One last clarification: the question included in the call for papers refers both to the limits between natural and artificial intelligence, and to the indefinite development of the latter, as the supporters of "Transhumanism" believe.
Guest editors: Alberto Cupani (Universidade Federal de Santa Catarina, Brazil). E. Joaquín Suárez-Ruíz (Universidad Nacional de La Plata, Argentina) Rodrigo López-Orellana (Universidad de Valparaíso, Chile)
Associate Editor: José Álvarez Sánchez (Universidad el Bosque).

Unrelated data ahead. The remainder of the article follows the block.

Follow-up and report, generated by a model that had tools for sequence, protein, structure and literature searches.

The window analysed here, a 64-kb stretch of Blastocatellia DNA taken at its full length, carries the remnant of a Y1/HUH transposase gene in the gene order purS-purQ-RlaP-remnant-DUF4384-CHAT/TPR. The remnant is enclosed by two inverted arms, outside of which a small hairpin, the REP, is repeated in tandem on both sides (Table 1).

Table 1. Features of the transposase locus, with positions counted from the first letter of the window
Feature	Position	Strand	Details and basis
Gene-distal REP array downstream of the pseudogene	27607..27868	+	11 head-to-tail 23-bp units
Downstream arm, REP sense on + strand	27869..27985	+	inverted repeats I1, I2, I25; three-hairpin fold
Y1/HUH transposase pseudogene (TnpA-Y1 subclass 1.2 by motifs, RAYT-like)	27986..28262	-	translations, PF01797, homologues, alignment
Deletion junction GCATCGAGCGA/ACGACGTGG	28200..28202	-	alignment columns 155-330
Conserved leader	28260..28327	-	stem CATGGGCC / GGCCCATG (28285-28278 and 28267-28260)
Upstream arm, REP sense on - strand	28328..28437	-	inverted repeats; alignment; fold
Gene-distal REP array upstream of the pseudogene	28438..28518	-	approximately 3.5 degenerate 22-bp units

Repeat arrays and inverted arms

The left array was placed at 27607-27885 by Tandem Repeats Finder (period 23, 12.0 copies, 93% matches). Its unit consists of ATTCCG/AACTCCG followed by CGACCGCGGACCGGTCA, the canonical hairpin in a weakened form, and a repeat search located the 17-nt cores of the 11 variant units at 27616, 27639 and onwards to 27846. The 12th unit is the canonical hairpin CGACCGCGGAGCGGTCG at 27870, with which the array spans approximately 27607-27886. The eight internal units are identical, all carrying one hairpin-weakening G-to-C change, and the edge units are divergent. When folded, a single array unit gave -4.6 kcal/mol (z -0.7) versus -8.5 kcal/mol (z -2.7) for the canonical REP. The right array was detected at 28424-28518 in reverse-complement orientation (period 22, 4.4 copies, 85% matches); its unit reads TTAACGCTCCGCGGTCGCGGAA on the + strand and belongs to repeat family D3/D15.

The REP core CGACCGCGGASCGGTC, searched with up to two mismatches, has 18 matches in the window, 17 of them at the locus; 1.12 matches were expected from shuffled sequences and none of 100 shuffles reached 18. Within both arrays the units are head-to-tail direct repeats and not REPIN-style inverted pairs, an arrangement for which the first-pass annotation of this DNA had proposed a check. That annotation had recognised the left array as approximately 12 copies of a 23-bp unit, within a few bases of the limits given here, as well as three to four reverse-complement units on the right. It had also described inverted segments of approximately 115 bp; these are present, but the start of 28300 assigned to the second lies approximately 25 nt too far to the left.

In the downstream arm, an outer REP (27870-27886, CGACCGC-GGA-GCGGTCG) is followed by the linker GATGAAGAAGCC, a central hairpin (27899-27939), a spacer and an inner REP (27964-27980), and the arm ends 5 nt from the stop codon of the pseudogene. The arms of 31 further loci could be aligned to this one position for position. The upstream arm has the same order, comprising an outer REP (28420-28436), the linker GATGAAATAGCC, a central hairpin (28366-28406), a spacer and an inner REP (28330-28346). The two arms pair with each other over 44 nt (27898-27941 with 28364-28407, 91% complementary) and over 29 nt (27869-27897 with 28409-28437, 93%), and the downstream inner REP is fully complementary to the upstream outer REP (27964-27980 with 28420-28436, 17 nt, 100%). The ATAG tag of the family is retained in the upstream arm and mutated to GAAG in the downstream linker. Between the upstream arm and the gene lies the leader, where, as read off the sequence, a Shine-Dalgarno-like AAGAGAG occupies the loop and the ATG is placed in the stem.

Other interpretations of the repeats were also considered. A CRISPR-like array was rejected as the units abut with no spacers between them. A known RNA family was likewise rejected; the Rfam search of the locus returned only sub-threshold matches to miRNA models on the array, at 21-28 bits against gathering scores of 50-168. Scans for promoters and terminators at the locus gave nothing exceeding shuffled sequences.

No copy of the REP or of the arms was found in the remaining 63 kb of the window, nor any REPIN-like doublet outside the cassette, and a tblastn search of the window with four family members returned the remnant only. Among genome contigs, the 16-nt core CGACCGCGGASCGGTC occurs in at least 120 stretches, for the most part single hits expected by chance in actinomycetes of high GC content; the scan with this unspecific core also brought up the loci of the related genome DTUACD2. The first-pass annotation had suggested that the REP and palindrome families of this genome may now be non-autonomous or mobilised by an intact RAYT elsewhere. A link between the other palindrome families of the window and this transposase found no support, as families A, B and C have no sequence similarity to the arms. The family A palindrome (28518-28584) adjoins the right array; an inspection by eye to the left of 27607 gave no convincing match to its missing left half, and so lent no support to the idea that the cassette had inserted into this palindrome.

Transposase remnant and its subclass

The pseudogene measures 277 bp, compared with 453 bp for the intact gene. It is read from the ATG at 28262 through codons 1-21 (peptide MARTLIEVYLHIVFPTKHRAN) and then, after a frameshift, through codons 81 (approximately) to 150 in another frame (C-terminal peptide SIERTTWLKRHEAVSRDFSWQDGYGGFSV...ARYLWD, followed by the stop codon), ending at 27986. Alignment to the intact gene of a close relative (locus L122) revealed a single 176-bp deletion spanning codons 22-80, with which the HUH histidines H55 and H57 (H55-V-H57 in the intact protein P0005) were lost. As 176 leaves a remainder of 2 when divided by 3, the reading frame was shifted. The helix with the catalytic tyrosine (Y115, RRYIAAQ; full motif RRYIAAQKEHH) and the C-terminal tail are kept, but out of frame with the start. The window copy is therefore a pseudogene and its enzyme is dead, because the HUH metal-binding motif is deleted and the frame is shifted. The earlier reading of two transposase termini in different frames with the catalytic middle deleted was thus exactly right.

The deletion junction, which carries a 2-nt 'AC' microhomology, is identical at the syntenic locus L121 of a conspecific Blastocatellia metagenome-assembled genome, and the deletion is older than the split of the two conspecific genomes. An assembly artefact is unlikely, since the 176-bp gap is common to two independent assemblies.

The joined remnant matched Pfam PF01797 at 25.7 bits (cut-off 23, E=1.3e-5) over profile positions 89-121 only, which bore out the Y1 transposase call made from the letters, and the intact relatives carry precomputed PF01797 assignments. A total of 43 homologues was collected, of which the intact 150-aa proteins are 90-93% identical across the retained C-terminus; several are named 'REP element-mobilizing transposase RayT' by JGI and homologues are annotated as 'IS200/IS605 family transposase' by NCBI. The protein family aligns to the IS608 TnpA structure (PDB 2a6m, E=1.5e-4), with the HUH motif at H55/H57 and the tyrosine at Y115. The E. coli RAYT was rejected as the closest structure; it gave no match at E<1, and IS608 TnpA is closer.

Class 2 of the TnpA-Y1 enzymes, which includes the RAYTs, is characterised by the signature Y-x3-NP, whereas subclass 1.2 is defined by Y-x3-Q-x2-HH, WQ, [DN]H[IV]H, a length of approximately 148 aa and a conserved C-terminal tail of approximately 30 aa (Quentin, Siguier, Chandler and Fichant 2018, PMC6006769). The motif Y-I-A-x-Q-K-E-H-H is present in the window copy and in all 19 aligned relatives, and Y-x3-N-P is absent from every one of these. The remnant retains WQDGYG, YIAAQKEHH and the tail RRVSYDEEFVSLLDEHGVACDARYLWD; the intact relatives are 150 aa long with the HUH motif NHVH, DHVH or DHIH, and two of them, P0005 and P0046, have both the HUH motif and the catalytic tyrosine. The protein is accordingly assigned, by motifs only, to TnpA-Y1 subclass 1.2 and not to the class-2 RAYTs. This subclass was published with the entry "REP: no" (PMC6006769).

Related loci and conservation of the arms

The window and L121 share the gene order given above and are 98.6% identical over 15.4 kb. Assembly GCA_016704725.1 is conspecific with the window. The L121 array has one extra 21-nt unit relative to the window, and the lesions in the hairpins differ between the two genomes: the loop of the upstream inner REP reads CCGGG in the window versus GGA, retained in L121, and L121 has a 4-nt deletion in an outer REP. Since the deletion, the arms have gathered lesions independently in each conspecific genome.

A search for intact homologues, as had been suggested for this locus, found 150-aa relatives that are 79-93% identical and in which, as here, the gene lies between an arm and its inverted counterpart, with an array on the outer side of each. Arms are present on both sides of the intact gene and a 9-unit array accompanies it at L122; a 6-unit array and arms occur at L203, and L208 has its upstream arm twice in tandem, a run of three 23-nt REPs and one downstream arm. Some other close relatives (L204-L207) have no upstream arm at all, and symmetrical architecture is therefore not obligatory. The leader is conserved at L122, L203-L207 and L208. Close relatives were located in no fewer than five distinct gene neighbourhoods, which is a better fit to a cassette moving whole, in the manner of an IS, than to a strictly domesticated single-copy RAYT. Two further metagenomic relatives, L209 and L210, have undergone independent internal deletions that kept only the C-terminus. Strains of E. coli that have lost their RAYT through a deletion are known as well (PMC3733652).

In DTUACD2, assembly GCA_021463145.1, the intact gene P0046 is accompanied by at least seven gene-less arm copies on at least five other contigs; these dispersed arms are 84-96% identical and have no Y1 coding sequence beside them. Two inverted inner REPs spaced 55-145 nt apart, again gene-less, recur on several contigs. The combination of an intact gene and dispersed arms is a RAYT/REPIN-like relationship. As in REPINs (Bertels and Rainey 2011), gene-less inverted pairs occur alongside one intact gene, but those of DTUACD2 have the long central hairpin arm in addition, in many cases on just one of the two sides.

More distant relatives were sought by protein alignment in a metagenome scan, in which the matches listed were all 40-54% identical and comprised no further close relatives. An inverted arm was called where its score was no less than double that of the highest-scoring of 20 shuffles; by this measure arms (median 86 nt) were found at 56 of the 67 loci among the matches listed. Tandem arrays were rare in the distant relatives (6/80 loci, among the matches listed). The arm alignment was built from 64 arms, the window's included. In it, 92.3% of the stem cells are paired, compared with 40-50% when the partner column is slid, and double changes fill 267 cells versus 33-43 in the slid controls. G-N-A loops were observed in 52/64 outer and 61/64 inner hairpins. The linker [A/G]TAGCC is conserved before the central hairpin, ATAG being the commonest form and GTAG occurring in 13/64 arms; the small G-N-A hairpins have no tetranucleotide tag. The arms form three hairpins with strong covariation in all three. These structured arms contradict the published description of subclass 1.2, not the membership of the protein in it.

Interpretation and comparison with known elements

Deadline: February the 1th, 2024
Estimated publication date: September 2024
Languages: English, Spanish and portuguese
Peer review: all articles submitted will be subject to double blind peer review.
Publication standards: https://revistas.unbosque.edu.co/index.php/rcfc/about/submissions